Dx 1/20/2009, IDC, 1cm, Stage IIIA, Grade 3, 4/9 nodes, ER+/PR+, HER2- Surgery 2/26/2009 Lumpectomy: Left; Lymph node removal: Left, Underarm/Axillary Chemotherapy 3/9/2009 Adriamycin (doxorubicin), Cytoxan (cyclophosphamide), Gemzar (gemcitabine), Navelbine (vinorelbine) Radiation Therapy 10/7/2009 Breast, Lymph nodes Hormonal Therapy 1/4/2010 Arimidex (anastrozole) Dx 10/31/2013, IDC, Stage IV, Grade 3, ER+/PR+, HER2- Radiation Therapy 11/18/2013 3DCRT: Bone Hormonal Therapy 12/3/2013 Faslodex (fulvestrant) Targeted Therapy 10/7/2016 Afinitor (everolimus) Hormonal Therapy 10/31/2016 Aromasin (exemestane) Chemotherapy 2/2/2017 Abraxane (albumin-bound or nab-paclitaxel) Chemotherapy 5/8/2017 Carboplatin (Paraplatin) Chemotherapy 8/15/2017 Halaven (eribulin) Targeted Therapy
Log in to post a reply

Jul 7, 2017 05:45PM micmel wrote:

It is amazing how so many lives are touched by this evil disease. I always have a broken heart when I think about children that have a parent that is thee one that has been there since birth. The one who does everything for the family day in and day out. My kids are older. 21,20,16. I always thought in my mind at least they didn't have chubby fists and sitting in their high chairs. I realize for some ladies and men that is exactly what has happened. I don't for one second forget that. It makes my heart bleed. As if my heart hadn't been kicked and torn apart, bruised, ripped in two and left beating on the floor throughout all I have been through and witnessed here,and here we are still fighting like women with everything we have. Through whatever cloud is over our heads, you are all amazing creatures and I appreciate all the insights and any single thought you may have throughout this hard walk we walk. That is such an issue, one that there once again are truly no words. Just feelings of sadness and despair for you all. I would never want worrying to be apart of everyone's day more than it has to be. The bottom line is cancer sucks and I hate it. Hugs to you strong women. ~M~

Everyone has to dance, they just don’t know what song they will get. Dx 1/22/2016, IDC, Left, 4cm, Stage IV, metastasized to bone, Grade 2, 13/35 nodes, ER+/PR-, HER2- Chemotherapy 2/10/2016 AC Surgery 6/21/2016 Lymph node removal; Lymph node removal (Left): Underarm/Axillary; Mastectomy; Mastectomy (Left) Chemotherapy 7/20/2016 Abraxane (albumin-bound or nab-paclitaxel) Targeted Therapy 11/7/2016 Ibrance (palbociclib) Surgery Chemotherapy Chemotherapy Hormonal Therapy Arimidex (anastrozole)
Log in to post a reply

Jul 8, 2017 11:27AM illimae wrote:

I met my husband almost 20 yrs ago through a mutual friend and we've been married 17 yrs this x-mas eve. He is 8.5 yrs older than I and is the outgoing, adventurous one, while I am shy and practical. I got so lucky with him as he thinks I'm the greatest thing ever and should be worshipped. We have dogs instead of human children, so thankfully that isn't a concern but I fear that my passing will cause him to stop taking care of himself completely (I have to nag him more than I like about diet, sleep, etc) and he will descend into depression, isolation, illness and early death. My friends will be ok, my family sucks so whatever but I worry for my DH and at 42 and 50, we still have lots of living to do.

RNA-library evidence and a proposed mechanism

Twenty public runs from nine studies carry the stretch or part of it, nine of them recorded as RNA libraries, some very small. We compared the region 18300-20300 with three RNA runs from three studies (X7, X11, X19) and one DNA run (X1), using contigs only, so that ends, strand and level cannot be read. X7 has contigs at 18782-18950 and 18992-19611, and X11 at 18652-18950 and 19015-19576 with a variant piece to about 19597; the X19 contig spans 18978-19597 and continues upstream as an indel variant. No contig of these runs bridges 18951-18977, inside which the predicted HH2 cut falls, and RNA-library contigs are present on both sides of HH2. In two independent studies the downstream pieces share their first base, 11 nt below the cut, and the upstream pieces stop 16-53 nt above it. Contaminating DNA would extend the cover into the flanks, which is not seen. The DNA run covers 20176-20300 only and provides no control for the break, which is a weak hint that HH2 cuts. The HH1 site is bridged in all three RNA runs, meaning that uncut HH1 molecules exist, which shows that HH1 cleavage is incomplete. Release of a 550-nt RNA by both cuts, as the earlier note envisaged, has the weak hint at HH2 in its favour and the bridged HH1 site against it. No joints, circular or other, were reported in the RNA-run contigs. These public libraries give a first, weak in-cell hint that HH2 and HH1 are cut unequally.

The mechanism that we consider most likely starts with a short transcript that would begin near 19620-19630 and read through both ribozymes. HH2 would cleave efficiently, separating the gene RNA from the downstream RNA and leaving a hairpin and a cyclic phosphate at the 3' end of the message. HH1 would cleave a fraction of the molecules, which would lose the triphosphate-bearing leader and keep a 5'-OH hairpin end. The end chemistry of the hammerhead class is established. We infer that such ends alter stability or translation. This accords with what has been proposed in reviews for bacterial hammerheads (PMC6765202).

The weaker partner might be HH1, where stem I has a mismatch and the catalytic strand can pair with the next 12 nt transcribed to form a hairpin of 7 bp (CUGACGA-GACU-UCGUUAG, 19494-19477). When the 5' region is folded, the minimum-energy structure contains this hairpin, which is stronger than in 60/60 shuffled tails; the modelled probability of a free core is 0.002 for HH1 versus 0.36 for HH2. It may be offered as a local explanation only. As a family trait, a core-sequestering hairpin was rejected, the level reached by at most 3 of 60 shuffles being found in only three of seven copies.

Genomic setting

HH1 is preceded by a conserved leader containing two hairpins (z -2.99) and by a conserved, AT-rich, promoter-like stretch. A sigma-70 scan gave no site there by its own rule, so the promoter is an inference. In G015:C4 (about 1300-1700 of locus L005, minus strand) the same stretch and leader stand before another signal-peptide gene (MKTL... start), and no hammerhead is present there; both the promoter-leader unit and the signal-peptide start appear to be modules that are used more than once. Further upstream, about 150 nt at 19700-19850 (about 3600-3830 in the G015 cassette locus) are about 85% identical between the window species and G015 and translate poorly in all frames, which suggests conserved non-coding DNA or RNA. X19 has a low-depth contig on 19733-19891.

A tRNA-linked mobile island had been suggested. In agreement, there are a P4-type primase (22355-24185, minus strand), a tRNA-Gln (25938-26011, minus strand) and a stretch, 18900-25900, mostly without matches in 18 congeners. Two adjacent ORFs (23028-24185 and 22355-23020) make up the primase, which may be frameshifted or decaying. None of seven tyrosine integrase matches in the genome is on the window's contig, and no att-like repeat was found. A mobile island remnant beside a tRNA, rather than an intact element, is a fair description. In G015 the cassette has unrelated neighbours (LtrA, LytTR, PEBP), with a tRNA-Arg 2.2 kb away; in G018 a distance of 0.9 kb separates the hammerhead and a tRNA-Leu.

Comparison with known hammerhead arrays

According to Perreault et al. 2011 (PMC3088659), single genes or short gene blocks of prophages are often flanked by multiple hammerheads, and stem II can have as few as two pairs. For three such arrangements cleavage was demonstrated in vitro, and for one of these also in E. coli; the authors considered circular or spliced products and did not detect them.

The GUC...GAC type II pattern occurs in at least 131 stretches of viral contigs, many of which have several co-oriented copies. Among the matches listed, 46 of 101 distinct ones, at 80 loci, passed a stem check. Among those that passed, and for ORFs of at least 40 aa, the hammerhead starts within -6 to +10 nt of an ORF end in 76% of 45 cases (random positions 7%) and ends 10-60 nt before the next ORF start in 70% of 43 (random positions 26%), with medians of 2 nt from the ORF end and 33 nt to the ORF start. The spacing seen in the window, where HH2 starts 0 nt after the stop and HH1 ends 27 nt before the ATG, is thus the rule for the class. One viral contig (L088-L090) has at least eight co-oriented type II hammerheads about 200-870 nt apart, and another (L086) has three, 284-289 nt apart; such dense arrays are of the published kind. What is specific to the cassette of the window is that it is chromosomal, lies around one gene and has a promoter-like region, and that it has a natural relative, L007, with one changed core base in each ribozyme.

Diagnosed at 41 Stage IV De Novo Dx 11/16/2016, IDC, Left, 5cm, Stage IV, metastasized to bone, Grade 3, 3/13 nodes, ER+/PR-, HER2+ Chemotherapy 1/2/2017 Abraxane (albumin-bound or nab-paclitaxel) Targeted Therapy 1/2/2017 Herceptin (trastuzumab) Targeted Therapy 1/2/2017 Perjeta (pertuzumab) Surgery 6/26/2017 Lumpectomy; Lumpectomy (Left); Lymph node removal Radiation Therapy 8/10/2017 Breast, Lymph nodes Dx 10/5/2017, IDC, Left, 5cm, Stage IV, metastasized to brain, Grade 3, 3/13 nodes, ER+, HER2+ Radiation Therapy 10/20/2017 External Local Metastases 10/20/2017 Brain Radiation Therapy 4/18/2018 External Local Metastases 4/18/2018 Brain Radiation Therapy 5/23/2019 External Local Metastases 5/23/2019 Brain Surgery 1/22/2020 Radiation Therapy 2/17/2020 External Local Metastases 2/17/2020 Brain Radiation Therapy 7/20/2020 External Local Metastases 7/20/2020 Radiation therapy: Bone Radiation Therapy 12/4/2020 External Local Metastases 12/4/2020 Brain Targeted Therapy Tukysa (tucatinib) Chemotherapy Xeloda (capecitabine) Hormonal Therapy Tamoxifen pills (Nolvadex, Apo-Tamox, Tamofen, Tamone)